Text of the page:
Spending four days in Hanoi meant a lot of time for Isla indulging in her newfangled joy of the cyclo. This old means of travel, cycling around Hanoi by a cheerful Vietnamese man, after some minor haggling (it costs about 100,000 Dong to get a good hour or so of rambling), proved to be a major attraction.
Unlike Bangkok, Hanoi was a place where people genuinely reached for Western children to play with them, give parents some time to consume meals, relax etc.. Thailand is less so such a place these days, despite the claims of those who say it is. I believe that the constant frown or reluctance by Westerners to hand over their kids has given rise to a caution by Thais in Bangkok to suggest we do so. A rightfully informative media campaign to highlight child abuses and kidnapping in the West has generated a parental fear that manifests in our social mistrust when placing our children with strangers. The sad effect of the poster child that is Madeline McCann is an endemic suspicion in UK and US parents that will not easily leave us.
In Vietnam, the caution does not yet exist; the enthusiasm for all and sundry to take Isla and Josh and play with them; to talk to us about their own children, their hopes for their futures, their dreams for their descendants…these interactions relaxed the Diplomat and I completely (perhaps naively some might bark). I feel that a little trust in the good nature of people goes a long way in this land and meant Isla got to enjoy herself thoroughly.
As did I…being able to get a glut of photos of people going about their daily lives….
I have previously said that Hanoi is a city where you can see it on two levels: the first being the ground storey with its neon plastic facade, its abundance of plastic and factory goods that you’ll find with a 500% markup and shinier packaging in any western store. Here people swarm like ants, asking you to buy (but not pushing you), the incessant beep of the horns create a scene of chaos. It is different to Bangkok…the air isn’t heavy with the odours of cooking spices. Cooking tends to occur under a roof here, customers spilling out into the streets on endless small blue plastic stools to chatter loudly.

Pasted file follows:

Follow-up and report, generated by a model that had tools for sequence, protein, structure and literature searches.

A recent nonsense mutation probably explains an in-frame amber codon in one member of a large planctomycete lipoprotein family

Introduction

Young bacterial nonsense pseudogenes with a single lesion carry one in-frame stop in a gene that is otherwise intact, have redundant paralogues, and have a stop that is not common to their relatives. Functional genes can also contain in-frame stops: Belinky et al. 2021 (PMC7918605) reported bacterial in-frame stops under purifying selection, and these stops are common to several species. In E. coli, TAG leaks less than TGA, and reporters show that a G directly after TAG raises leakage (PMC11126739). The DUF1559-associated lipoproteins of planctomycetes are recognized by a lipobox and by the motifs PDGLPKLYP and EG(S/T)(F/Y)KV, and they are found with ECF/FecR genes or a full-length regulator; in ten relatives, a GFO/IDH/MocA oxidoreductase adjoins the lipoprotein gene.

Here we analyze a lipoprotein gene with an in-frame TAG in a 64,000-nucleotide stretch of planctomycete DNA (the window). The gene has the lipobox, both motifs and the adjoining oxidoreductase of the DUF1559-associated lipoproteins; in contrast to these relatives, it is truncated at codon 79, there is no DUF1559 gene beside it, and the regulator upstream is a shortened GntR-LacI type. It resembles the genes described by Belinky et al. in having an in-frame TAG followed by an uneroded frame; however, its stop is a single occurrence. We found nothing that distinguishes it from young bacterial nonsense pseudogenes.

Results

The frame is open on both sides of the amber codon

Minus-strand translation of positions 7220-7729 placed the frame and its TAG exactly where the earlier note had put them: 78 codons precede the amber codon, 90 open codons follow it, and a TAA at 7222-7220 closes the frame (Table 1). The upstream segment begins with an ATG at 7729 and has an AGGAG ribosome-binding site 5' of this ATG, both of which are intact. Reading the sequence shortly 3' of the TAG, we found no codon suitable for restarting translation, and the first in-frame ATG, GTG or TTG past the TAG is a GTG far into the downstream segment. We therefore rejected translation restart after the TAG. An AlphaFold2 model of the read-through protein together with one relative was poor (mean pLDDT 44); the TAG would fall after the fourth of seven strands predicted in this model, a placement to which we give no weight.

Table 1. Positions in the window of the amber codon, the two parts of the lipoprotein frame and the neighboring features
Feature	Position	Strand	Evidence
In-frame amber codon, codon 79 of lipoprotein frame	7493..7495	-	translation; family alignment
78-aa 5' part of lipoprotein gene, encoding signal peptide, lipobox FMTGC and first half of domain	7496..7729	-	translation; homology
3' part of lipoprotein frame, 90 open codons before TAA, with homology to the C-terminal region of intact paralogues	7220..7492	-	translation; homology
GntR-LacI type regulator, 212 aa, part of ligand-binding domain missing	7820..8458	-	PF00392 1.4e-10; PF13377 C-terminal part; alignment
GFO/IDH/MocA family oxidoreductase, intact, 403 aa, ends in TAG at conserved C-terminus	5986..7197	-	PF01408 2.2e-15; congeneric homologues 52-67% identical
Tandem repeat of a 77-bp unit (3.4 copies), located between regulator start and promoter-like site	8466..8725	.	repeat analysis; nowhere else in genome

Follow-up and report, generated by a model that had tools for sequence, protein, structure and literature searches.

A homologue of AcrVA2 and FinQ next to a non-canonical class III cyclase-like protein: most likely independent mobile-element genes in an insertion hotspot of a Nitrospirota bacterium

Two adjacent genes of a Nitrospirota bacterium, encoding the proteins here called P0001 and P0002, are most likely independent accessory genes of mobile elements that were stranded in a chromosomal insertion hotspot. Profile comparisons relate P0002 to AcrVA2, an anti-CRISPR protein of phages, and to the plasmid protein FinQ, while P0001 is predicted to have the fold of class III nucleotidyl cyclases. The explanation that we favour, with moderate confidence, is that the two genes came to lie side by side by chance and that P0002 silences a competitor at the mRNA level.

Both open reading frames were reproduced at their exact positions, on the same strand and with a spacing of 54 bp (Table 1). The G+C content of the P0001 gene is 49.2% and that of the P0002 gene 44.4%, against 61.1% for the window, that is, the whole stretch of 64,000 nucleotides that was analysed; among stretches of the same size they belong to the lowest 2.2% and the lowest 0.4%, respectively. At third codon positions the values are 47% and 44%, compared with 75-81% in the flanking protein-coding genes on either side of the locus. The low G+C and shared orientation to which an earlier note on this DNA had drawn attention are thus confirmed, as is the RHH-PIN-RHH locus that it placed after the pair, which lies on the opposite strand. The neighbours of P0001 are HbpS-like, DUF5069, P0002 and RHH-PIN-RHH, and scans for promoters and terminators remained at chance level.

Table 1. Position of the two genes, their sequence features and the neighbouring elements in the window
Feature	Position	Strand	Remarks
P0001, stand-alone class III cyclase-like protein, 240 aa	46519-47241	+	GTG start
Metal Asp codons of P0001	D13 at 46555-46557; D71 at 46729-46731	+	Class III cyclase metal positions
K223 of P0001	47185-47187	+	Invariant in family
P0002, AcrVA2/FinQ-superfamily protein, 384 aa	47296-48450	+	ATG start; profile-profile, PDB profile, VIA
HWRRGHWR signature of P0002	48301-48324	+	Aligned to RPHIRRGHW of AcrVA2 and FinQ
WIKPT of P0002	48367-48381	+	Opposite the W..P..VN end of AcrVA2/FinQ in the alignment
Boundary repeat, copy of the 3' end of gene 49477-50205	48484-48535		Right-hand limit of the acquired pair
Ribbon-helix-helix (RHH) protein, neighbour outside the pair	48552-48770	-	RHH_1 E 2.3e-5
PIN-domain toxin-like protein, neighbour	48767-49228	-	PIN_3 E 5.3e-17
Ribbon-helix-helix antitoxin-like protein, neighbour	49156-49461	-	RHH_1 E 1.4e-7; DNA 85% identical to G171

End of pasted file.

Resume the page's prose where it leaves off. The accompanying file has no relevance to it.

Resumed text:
The second level is that of the higher storeys of Hanoi’s buildings. Above the plastic shop fronts are a wealth of crumbling colonial masquerades. Solid brick buildings covered in concrete or stucco faces peep through trees and snaking black power lines. Windows are the size of doorways, interiors are dark, creating an itch of exploration that won’t go away. Occasionally a Vietnamese will be seated on a balcony, dragging on a cigarette or hanging washing, staring with unblinking eyes down on their small empire.
There is also a third view of Hanoi. One seen when you are on the move, deftly curving in and out of the traffic, dodging mopeds, pedestrians, carts, cyclos, cars.
By the end of it, Isla and I have gone out towards Ho Tay Lake, and there, in the vast expanse of its glittering, calm surface is a fourth view of the people of Hanoi…that of solitude. It’s one Isla and I pause at…and we like it very much…
Is this what diplomacy is all about?